New England’s Biggest Coal-Fired Power Plant to Shut Down

Heavy-polluting Massachusetts power plant to close in 2017. The owner of the coal-fired Brayton Point Power Station in Somerset, Mass., filed papers indicating the plant will no longer provide power to the region’s electricity grid as of May 2017. The announcement came just months after the plant was sold by Virginia-based Dominion to Energy Capital Partners, a private equity firm. The plant’s new owner pointed to a number of reasons for the planned shutdown, including low electricity prices from a surplus of natural gas and the need to invest “significant capital to meet environmental regulations and to operate and maintain an aging plant.” Environmental groups had long sought to close the plant, which topped a government list of the biggest sources of toxic emissions in Massachusetts in 2011. The Associated Press

U.S. Supreme Court declines to hear cigarette companies’ appeal of Florida ruling. The high court turned away arguments by Philip Morris USA, R.J. Reynolds Tobacco and Liggett that challenged a $2.5 million award to the family of Charlotte Douglas, who died in 2008 of lung cancer at age 62. The Supreme Court has declined three times in the past two years to intervene in tobacco litigation in Florida, where thousands of smoker suits are pending. Florida juries already have returned verdicts totaling more than $500 million against the industry. Cigarette makers have unsuccessfully sought to limit a 2006 Florida Supreme Court decision allowing a jury’s factual findings against the industry in a class-action case to serve as the starting point for individual suits. The Florida high court reaffirmed that ruling in the Douglas case. Bloomberg, Winston-Salem Journal, Public Health Advocacy Institute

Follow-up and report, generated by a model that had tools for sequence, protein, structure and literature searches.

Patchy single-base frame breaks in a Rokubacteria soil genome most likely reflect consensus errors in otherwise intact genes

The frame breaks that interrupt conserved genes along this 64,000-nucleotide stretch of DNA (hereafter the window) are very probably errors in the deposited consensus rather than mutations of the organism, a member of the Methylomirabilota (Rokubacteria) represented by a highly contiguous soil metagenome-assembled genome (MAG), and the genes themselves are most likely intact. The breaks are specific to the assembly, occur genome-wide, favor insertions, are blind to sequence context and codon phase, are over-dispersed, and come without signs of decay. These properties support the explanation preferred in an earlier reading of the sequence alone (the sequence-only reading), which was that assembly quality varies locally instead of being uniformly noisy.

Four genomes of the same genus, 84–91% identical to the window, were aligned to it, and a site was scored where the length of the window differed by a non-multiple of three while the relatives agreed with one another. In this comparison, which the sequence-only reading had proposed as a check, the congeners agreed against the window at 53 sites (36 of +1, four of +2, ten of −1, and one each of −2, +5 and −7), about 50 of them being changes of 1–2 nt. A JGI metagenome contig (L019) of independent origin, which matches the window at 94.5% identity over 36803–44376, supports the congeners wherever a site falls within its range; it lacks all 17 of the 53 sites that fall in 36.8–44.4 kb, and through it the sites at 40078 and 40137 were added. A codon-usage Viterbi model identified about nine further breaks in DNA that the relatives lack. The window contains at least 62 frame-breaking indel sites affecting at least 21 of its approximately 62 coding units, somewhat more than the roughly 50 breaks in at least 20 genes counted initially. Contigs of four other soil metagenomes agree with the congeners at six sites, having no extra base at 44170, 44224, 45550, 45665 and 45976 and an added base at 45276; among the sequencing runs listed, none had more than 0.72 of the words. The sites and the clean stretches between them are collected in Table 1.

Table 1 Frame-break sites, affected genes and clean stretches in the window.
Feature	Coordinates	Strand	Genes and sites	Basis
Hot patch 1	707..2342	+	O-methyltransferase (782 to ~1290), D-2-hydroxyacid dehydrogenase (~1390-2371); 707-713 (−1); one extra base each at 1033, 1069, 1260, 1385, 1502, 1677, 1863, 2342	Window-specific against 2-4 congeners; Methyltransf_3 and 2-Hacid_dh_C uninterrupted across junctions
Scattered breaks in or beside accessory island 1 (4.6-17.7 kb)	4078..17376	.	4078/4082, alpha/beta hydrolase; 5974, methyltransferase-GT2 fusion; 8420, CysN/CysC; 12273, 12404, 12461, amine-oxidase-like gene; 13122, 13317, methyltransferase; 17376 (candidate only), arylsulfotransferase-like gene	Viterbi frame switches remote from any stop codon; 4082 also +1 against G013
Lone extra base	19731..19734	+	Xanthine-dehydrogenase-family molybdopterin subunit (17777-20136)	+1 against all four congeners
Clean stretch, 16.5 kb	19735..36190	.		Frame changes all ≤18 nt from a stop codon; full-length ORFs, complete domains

Tobacco industry giants lobby to prevent strict rules for e-cigarettes. The Food and Drug Administration says it intends to start regulating the sprawling e-cigarette industry this month under the 2009 tobacco-control law. But tobacco executives, who have entered the booming market for e-cigarettes, are arguing against tough rules in high-level meetings at the FDA’s Center for Tobacco Products and with members of Congress. The industry’s pitch is that the battery-powered devices, which deliver a vapor with nicotine and other chemicals, are essentially harmless, especially compared with the cancer-causing toxins in regular cigarette smoke. E-cigarette concerns also are lobbying city and state lawmakers over proposed taxes and restrictions. The Washington Post

An estimated 278 people in 18 states have been sickened in a salmonella outbreak linked to chicken. In a public health alert, the U.S. Department of Agriculture named three Foster Farms operations in California as the likely source of raw chicken contaminated with a strain of bacteria known as salmonella Heidelberg. Most of the chicken has been sold in California, Oregon and Washington, and most of the illnesses have occurred in California. No recall has been announced. The agency explained that its Food Safety and Inspection Service “is unable to link the illnesses to a specific product and a specific production period.” Products from the three Foster plants carry the USDA marks P6137, P6137A or P7632. USA Today, The Associated Press

Southern California battery recycler accused of toxic emissions will spend $7.7 million to cut pollution. Under a deal with the state, Exide Technologies will pay for a new storm-water system and for new filters and other improvements to lower arsenic emissions at its Vernon, Calif., plant. The money will also fund previously announced tests for lead and arsenic in the soil and dust in the surrounding neighborhood, as well as voluntary blood tests for 250,000 people possibly affected by emissions. The deal means state regulators will drop their effort to temporarily close the plant, which they moved to do in March after reports that arsenic emissions posed an increased cancer risk to 110,000 people living nearby. A bankruptcy judge still must approve the plan. Los Angeles Times

Compiled by Stuart Silverstein

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